Claire Villard, MST ’13, Teaching Students with Disabilities in Middle School

Claire Villard, MST ’13, had a successful career in PR, marketing and advertising, but something was missing. She wanted to make a difference, and made a career change into teaching.

“I decided to become a teacher because I wanted to make an impactful and positive difference in the lives of children,” Villard said. “I wanted to help empower them to use knowledge, education and resources to find their own voice and passions. By using the classroom and teaching as my medium, I wanted to help craft future generations of kind, informed and productive members of society.”

Villard came to Pace through the New York City Teaching Fellows Program, which hires and prepares highly motivated and dedicated professionals to work in New York City public schools. The program is a highly selective alternative preparation program, one which Pace University has proudly partnered for several years.

When she began the Fellows program, Villard began working in District 75, a special education district for New York City students. It is an especially high-need setting, one that can seem daunting to even seasoned educators. But not Villard.

“I chose a special education route to teaching so that high needs populations, in particular, could receive caring support and quality teaching,” she said. “I’m very passionate about my students and helping them to become good people and critical thinkers.

She credits the graduate program at Pace with helping her enhance her classroom practice and truly develop as an educator. “I have learned how to use research-based methods, differentiation, creative planning, classroom management and cultural understanding to better myself as a teacher. I have experienced several quality professors who have modeled excellence in the classroom and have shared their expertise in working with students with disabilities. I have been able to apply much of what I have learned at Pace in my own classroom to help meet the needs of all of my students.”

Working with young people who require extra patience and understanding was not a new experience. While in college, Villard, a native of San Diego, Calif., volunteered with organizations serving children with special needs, pregnant and parenting teens, and various other high-needs populations.

Villard describes herself as a “reflective practitioner” with a multi-faceted teaching philosophy.

“I have enhanced my notion that all students can learn and that developing interpersonal relationships with students is critical to their learning process,” she says. “I’ve also learned the importance of starting each day fresh; more specifically, allowing any conflicts/crises from the previous day to stay in the past and approach the new day with optimism.”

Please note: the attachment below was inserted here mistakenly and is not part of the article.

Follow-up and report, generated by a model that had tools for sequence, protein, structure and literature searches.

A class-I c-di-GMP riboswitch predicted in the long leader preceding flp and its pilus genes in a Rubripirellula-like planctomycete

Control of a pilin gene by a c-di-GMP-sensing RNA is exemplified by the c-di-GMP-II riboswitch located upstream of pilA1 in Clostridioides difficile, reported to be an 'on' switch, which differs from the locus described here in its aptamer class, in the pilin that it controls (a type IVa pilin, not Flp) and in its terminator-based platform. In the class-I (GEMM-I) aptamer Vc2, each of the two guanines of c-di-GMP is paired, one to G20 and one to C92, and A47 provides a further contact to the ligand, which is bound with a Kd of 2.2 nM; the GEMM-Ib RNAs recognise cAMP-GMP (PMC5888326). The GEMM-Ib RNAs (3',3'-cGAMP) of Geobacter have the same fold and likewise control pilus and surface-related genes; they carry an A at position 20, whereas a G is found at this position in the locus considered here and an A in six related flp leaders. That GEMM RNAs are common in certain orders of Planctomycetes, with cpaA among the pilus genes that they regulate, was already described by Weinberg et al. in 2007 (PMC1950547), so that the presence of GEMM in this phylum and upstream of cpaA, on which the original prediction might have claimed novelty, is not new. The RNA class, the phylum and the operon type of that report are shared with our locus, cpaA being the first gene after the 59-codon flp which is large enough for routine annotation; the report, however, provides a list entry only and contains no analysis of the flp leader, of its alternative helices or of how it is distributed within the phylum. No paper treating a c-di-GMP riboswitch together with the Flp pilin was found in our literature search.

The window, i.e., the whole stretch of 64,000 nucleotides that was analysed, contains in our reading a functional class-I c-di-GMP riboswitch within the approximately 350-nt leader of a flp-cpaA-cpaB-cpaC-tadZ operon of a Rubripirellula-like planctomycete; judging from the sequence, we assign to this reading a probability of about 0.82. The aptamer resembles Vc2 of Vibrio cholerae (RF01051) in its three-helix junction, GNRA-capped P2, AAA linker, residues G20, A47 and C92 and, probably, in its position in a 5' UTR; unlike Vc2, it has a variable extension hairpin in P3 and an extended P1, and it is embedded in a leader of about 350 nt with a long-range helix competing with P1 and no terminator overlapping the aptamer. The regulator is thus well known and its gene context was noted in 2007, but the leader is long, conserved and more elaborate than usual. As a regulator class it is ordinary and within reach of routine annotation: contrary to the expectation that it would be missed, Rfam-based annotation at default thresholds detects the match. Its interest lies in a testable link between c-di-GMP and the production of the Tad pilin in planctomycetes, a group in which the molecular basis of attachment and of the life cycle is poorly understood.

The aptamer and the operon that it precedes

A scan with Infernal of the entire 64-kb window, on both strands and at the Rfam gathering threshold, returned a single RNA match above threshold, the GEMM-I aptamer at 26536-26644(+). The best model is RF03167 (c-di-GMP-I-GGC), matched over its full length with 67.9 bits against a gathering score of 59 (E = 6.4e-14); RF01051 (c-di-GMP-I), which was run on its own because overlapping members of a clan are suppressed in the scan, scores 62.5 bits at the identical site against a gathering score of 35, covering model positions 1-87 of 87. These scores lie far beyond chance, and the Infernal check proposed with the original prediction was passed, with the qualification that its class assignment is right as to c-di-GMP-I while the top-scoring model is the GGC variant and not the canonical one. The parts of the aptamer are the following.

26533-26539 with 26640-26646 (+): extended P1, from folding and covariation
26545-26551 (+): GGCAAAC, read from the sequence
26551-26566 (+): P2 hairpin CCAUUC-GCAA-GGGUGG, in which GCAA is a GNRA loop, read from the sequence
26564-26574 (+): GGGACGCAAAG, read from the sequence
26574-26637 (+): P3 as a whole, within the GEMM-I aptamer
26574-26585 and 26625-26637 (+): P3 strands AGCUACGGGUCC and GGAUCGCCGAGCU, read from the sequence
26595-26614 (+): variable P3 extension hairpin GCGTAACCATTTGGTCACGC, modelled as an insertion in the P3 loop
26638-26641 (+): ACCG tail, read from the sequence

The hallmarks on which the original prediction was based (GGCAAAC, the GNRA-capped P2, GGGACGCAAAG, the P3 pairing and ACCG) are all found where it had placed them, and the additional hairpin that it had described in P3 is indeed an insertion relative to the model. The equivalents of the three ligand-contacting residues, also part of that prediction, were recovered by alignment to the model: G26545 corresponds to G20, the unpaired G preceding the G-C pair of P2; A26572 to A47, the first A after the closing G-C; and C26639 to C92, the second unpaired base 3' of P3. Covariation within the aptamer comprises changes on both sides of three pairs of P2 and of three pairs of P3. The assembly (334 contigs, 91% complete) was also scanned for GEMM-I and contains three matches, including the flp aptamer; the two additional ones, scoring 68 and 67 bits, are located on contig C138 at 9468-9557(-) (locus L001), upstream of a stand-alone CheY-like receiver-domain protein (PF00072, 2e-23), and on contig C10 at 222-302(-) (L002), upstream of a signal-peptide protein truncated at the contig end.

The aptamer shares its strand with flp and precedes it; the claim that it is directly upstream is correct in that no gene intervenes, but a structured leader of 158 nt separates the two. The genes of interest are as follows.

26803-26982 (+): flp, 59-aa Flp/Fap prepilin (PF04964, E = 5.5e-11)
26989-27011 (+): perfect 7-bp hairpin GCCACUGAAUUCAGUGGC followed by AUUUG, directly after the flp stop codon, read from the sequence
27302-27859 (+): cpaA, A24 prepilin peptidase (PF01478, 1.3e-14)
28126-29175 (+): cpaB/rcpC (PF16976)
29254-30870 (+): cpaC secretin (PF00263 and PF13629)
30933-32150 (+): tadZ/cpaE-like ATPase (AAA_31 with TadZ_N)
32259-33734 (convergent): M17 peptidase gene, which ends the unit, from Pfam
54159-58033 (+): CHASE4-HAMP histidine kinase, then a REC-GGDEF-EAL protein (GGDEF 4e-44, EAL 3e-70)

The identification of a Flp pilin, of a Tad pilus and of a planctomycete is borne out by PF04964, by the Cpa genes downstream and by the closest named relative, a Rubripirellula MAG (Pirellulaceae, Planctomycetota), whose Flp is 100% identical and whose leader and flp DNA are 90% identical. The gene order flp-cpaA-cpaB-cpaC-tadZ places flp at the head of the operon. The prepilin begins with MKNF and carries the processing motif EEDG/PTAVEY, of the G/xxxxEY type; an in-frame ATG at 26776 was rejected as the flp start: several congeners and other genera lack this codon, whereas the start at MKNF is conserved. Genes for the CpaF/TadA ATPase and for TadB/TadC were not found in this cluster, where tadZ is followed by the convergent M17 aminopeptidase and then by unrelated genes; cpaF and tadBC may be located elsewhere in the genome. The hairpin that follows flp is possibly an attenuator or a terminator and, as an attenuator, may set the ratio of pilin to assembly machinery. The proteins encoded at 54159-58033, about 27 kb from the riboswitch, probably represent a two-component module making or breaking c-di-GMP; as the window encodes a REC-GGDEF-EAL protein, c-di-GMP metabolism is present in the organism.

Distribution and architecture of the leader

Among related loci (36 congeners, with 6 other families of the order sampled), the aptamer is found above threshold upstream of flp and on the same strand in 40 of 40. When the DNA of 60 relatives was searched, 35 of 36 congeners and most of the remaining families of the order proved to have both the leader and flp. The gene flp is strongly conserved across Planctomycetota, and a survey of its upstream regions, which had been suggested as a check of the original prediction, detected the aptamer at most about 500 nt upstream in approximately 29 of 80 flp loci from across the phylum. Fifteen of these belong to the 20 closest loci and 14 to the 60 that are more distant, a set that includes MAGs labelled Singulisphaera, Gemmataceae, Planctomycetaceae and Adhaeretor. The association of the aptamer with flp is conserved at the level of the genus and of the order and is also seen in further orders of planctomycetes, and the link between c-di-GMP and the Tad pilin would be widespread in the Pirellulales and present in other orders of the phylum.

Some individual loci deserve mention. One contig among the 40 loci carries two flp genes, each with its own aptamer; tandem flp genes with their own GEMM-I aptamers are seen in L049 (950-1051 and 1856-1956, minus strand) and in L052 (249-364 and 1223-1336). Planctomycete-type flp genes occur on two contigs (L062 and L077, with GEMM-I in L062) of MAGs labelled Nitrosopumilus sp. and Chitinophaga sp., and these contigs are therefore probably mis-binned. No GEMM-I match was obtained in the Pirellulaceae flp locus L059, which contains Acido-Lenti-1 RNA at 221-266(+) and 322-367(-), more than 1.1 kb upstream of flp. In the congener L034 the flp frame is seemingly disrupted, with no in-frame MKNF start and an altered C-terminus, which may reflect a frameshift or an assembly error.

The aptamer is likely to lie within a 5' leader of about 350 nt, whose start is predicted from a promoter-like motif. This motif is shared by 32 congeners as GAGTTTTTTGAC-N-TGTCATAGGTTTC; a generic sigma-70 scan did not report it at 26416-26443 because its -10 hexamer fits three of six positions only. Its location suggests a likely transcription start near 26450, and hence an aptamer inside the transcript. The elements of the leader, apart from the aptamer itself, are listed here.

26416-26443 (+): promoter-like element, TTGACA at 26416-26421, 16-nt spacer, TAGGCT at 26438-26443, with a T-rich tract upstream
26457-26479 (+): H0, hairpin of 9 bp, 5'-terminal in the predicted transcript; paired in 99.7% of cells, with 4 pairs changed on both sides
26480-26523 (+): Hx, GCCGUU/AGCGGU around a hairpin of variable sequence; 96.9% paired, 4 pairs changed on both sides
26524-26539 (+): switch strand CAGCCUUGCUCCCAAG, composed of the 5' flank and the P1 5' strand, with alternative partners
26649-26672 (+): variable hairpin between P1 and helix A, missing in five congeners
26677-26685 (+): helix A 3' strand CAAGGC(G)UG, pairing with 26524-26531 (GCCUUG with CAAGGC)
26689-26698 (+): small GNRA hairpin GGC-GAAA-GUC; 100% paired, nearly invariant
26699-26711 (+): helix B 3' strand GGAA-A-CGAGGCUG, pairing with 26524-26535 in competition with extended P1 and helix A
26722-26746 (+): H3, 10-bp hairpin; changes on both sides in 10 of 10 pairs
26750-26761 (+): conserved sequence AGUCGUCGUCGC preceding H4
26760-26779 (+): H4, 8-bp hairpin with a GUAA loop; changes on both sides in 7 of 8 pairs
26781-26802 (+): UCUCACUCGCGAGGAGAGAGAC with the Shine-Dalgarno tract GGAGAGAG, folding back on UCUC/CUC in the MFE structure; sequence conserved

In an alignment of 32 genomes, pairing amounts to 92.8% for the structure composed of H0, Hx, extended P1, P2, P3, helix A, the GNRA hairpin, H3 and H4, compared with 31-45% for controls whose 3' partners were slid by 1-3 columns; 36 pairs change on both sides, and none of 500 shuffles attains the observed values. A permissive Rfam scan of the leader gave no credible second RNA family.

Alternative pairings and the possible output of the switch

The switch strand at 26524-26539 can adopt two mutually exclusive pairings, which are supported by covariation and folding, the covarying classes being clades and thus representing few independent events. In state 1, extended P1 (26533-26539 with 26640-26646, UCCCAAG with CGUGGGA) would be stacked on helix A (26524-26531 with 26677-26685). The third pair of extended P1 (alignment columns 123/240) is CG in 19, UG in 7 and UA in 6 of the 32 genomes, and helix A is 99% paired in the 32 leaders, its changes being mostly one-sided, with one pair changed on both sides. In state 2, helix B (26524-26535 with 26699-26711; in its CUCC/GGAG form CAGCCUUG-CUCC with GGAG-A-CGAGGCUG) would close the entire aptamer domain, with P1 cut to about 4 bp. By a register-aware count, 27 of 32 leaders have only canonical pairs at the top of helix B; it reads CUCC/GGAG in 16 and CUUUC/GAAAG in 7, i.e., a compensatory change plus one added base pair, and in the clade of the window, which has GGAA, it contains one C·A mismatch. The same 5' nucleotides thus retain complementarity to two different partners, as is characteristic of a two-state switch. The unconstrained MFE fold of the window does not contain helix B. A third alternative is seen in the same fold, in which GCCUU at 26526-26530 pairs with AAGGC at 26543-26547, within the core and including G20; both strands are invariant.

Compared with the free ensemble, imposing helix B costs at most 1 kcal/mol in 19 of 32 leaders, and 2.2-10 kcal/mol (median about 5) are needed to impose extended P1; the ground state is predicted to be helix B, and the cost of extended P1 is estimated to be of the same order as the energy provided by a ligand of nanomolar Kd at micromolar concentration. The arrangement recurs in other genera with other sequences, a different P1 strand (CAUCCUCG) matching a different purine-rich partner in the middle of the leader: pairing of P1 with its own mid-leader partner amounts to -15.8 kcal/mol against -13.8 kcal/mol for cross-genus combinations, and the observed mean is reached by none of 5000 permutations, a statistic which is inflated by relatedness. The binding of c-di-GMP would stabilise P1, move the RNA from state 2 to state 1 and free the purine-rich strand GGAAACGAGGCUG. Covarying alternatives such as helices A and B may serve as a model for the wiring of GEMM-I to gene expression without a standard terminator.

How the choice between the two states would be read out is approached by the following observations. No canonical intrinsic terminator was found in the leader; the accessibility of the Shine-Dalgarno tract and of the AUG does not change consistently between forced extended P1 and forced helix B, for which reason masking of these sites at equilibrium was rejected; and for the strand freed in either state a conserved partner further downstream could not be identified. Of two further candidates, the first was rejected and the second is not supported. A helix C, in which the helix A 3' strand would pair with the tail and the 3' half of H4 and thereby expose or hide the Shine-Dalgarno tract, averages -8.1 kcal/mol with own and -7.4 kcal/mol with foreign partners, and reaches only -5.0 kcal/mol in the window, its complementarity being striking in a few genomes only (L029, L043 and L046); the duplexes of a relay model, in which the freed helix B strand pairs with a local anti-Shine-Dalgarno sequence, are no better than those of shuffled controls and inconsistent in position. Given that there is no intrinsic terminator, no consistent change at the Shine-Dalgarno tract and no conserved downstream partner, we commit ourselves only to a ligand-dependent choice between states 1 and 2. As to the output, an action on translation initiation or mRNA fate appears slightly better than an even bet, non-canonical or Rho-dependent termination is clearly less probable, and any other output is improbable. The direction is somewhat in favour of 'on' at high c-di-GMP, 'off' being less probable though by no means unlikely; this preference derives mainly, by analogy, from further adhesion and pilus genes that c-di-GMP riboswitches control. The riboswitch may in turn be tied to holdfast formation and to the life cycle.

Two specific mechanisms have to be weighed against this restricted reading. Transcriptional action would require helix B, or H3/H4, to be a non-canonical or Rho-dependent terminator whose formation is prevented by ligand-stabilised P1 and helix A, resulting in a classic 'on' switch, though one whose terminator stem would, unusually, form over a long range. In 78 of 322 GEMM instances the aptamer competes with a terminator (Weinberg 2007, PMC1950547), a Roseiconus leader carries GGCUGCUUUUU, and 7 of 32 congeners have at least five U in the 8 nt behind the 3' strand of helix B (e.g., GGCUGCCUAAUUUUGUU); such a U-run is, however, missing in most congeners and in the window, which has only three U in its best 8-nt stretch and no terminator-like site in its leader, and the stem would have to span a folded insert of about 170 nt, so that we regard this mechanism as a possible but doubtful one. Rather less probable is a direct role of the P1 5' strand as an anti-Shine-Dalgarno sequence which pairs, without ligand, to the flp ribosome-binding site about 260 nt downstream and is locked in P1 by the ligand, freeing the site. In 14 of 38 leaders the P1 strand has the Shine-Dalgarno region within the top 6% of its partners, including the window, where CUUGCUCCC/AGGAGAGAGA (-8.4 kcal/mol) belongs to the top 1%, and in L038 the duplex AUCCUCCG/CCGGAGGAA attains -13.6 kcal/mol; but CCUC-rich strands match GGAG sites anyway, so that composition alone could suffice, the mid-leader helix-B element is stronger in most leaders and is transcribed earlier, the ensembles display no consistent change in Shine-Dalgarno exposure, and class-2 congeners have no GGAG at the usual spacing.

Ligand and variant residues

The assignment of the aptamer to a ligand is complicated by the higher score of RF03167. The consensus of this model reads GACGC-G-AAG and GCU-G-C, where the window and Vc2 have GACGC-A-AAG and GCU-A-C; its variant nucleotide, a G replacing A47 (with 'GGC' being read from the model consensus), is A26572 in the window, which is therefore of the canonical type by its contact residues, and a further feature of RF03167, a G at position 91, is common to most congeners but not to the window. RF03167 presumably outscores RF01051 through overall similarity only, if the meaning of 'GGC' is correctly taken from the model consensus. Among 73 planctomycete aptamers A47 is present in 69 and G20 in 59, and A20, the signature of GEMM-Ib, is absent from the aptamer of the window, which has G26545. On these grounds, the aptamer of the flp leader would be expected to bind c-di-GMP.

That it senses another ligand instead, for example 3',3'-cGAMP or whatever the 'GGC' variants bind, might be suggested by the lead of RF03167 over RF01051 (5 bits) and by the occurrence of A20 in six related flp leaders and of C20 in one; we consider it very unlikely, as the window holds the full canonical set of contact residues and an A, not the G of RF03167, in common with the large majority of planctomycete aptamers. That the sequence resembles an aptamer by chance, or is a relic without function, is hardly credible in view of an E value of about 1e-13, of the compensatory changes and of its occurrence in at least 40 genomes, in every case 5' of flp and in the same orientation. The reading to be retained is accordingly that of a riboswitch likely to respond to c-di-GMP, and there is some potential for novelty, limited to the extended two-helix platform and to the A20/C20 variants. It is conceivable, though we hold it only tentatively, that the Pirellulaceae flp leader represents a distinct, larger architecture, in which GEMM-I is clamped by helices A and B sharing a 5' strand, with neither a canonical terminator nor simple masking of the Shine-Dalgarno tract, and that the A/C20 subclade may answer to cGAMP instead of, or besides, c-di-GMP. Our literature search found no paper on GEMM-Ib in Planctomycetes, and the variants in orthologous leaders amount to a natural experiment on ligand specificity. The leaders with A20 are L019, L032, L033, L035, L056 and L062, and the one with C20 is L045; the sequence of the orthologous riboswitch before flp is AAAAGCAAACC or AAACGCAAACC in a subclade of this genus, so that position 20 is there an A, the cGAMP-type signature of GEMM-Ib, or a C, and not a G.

Claire Villard recieves the Outstanding Teacher of the Year Award from Education Update in June 2013.

She completed her Masters of Science in Teaching Students with Disabilities in Middle School in May 2013, with a 4.0 GPA and an award for Exemplar Scholarly Achievement. In June 2013, she received an Outstanding Teacher of the Year award from Education Update, an independent news source widely read by many New York City public school teachers, administrators and policy makers.

Villard has recently completed her second year of teaching in District 75, mostly to students with emotional difficulties. This environment has proven to be particularly instructive for this growing teacher. “I’ve learned the importance of developing relationships with my students and that reasoning with them is often more effective,” than other methods of classroom management, she says. “I have seen the positive effects of praise, encouragement and persistence with student outcomes.”

Villard is upbeat about working with her students and helping them to be their best. She is cognizant that there are significant challenges, but she also sees opportunities to break down obstacles to achievement. Students are sometimes far below grade-level and Villard has to work to mitigate this deficit, within the limits of class time, student behavior and high-stakes testing. “I have approached this challenge by creating differentiated lessons/activities and finding time for individual instruction,” she says.

“Despite this,” she adds, “there is a great opportunity for success with individual students. Through motivation, hard work and creativity, I have seen the fruits of my labors as students have grown academically and personally.”

Much like her work with students, Villard isn’t satisfied with just the status quo. She plans to continue to grow as a teacher and pursue additional credentials in Educational Leadership or Education Technology.